, Volume 46, Issue 6, pp 36–38

Aqueous processing of arsenic trioxide to crystalline scorodite


  • Gus Van Weert
    • Raw Materials Technology Department of the Faculty of Mining and Petroleum EngineeringDelft University of Technology
  • David J. Droppert
    • McGill University
Aqueous Processing Research Summary

DOI: 10.1007/BF03220716

Cite this article as:
Van Weert, G. & Droppert, D.J. JOM (1994) 46: 36. doi:10.1007/BF03220716


This article describes the conversion of arsenic trioxide into crystalline scorodite (FeAsO4 • 2H2O) using acidic nitrate solutions at temperatures ranging from 140 °C to 160 °C. A schematic process flow sheet is proposed. The reasons for processing arsenic trioxide, especially baghouse dust from metallurgical operations, lie in its toxic character and the fact that market demand for it is decreasing. An environmentally friendly way to dispose of this roaster by-product is as crystalline ferric arsenate (scorodite), since the latter has been shown to be the least soluble “host” mineral for arsenic. To produce crystalline scorodite in bulk has to date not been possible, however. This article describes a new hydrometallurgical approach for converting arsenic trioxide rapidly and at a high yield into crystalline scorodite. It is based on the fact that at 160 °C, ferric does not precipitate as an oxide from solutions that contain 2 M HNO3. By adding arsenic trioxide to such a solution, ferric precipitates as crystalline scorodite, without other iron species (e.g., hematite) precipitating. This means that a stoichiometric Fe:As ratio is sufficient. When starting with arsenic trioxide, trivalent arsenic will be oxidized before 160 °C is reached due to the strong oxidizing power of nitric acid.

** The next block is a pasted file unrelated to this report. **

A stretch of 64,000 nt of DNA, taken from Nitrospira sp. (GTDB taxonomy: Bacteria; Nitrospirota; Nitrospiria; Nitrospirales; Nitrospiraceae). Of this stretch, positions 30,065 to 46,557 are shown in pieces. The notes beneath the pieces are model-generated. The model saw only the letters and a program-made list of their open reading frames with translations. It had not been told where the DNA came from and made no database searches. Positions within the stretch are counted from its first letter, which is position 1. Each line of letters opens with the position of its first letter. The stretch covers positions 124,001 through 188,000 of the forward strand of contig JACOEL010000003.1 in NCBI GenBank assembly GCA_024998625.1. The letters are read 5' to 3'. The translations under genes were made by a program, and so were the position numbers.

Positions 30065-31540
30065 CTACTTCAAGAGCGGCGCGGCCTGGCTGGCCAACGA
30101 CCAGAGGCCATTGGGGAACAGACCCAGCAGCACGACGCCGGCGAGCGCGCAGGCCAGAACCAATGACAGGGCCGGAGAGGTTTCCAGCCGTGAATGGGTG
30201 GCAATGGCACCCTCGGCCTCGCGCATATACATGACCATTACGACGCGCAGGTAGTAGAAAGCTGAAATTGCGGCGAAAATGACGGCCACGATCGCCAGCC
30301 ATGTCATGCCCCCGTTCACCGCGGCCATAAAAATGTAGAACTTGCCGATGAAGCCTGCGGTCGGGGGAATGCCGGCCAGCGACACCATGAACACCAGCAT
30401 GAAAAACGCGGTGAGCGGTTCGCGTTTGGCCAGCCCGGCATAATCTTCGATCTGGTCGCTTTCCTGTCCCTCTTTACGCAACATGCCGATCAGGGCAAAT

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© TMS 1994